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How do you write a non-liability clause into model release forms?

Toms River, NJ |

I am trying to find a way to include a non-liability clause in my model release form due to the fact that my studio area is in my home, and in the downstairs portion. I do not want to run the risk of the model trying to sue me because she tripped on the stairs or something to that affect. Is there a way to do that, and if so, how do I go about it?

Attorney Answers 3


  1. Hi,

    First, any and all business agreements should be prepared specifically for you by a professional to ensure you are protecting your interests. So using a template online may or may not get you there and (I say this not to pick on you but to get to the point) if you need to ask this question it tells us here that you really should not be doing this yourself. It would also be irresponsible for us to offer language in a vacuum so-to-speak without being able to review the entire context of the broader agreement.

    You need to consider whether you can legally operate a studio out of your house. Many will do this anyway in your business but unless your are is zoned for commercial use you expose yourself by operating a business out of your home.

    Next, you need a basic liability insurance policy to cover for slips and falls, but you need to make sure it will indeed cover you even though you may be operating in an illegal manner (not that you go to jail, etc but that the ins company may not have to pay out).

    Further, you need to protect yourself by creating a proper liabilty shield if you have not done so already such as an LLC, S-Corp, etc.

    Lastly, there are some things you cannot contract around such as your own gross negligence.

    We work in this area and I am also a licensed NJ lawyer, so feel free to contact me if you care to discuss getting on the right track here.

    Best regards,
    Frank
    Natoli-Lapin, LLC
    (see Disclaimer)

    The law firm of Natoli-Lapin, LLC (Home of Lantern Legal Services) offers our flat-rate legal services in the areas of business law and intellectual property to entrepreneurs, small-to-medium size businesses, independent inventors and artists across the nation and abroad. Feel free to call for a free phone consultation; your inquiries are always welcome: CONTACT: 866-871-8655 Support@LanternLegal.com DISCLAIMER: this is not intended to be specific legal advice and should not be relied upon as such. No attorney-client relationship is formed on the basis of this posting.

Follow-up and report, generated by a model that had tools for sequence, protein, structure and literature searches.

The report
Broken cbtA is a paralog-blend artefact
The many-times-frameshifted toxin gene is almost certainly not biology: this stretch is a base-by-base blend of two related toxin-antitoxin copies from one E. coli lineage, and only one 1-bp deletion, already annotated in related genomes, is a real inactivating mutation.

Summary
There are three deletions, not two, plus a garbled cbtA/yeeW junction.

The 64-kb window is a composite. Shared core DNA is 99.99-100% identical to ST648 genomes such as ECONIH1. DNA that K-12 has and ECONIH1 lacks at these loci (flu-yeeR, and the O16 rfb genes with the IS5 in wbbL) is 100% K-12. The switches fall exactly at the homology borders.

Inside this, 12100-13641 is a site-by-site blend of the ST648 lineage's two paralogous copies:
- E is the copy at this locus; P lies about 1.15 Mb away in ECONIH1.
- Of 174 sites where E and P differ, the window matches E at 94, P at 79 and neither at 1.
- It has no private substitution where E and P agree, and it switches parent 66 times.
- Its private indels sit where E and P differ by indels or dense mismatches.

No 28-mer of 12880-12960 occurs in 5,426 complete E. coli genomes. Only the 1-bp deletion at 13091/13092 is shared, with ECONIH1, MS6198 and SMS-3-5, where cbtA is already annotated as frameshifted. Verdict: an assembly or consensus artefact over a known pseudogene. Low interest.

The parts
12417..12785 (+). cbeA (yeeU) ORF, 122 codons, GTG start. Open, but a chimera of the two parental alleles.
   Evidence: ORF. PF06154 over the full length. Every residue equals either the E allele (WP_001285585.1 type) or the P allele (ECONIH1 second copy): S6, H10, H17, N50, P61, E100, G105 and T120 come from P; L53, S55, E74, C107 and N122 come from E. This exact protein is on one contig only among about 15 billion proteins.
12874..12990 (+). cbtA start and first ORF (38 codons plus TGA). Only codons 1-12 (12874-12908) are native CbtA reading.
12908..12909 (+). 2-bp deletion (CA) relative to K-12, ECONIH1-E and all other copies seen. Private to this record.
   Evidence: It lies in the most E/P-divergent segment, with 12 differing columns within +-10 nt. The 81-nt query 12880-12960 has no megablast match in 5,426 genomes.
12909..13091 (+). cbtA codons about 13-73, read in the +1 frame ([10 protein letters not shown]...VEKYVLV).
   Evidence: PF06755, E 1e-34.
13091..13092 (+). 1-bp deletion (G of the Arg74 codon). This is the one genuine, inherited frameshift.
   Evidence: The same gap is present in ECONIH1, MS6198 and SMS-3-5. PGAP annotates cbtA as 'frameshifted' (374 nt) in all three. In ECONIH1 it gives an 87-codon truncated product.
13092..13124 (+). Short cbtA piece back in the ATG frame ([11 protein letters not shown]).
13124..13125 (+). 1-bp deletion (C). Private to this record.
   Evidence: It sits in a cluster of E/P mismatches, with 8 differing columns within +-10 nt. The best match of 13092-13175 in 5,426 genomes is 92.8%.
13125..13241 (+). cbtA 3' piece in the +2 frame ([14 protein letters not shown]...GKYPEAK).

2. I agree with Mr Natoli's guidance and would definitely follow it if I were you. There are probably more moving parts in this potentially risky situation than you can anticipate on your own. But, you are sensitive to them. A good lawyer, such as Mr Natoli, can help you figure out all of the risks and design contractual protections and insurance strategies that lessen your exposure. As an American, I am sure you understand there is nothing anyone on AVVO or anywhere else can do to eliminate the risk that someone will sue you for something! The key is to mitigate the exposure and to enhance your odds of prevailing if someone does bring a claim against you. One thing you can do to protect yourself is to make sure that your studio is safe. I.e., no banana peels or roller skates on the stairways. Good luck to you!


  3. Preparing a liability clause is not difficult. But you should understand that as a general rule, you cannot disclaim liability for your own negligence.

    There is an insurance aspect to your question. If you are operating a business out of your home, you should have commercial general liability insurance ("CGL"). Your homeowner's insurance company may refuse to defend or indemnify you for injuries if you have "regular" non-commercial homeowner's policy and they discovery you are conducting a business there. You should consult with your insurance broker immediately.

    If this answer was helpful, please mark it as helpful or as a best answer. This answer is for general education purposes only. It neither creates an attorney-client relationship nor provides legal guidance or advice. The answer is based on the limited information provided and the answer might be different had additional information been provided. You should consult an attorney.

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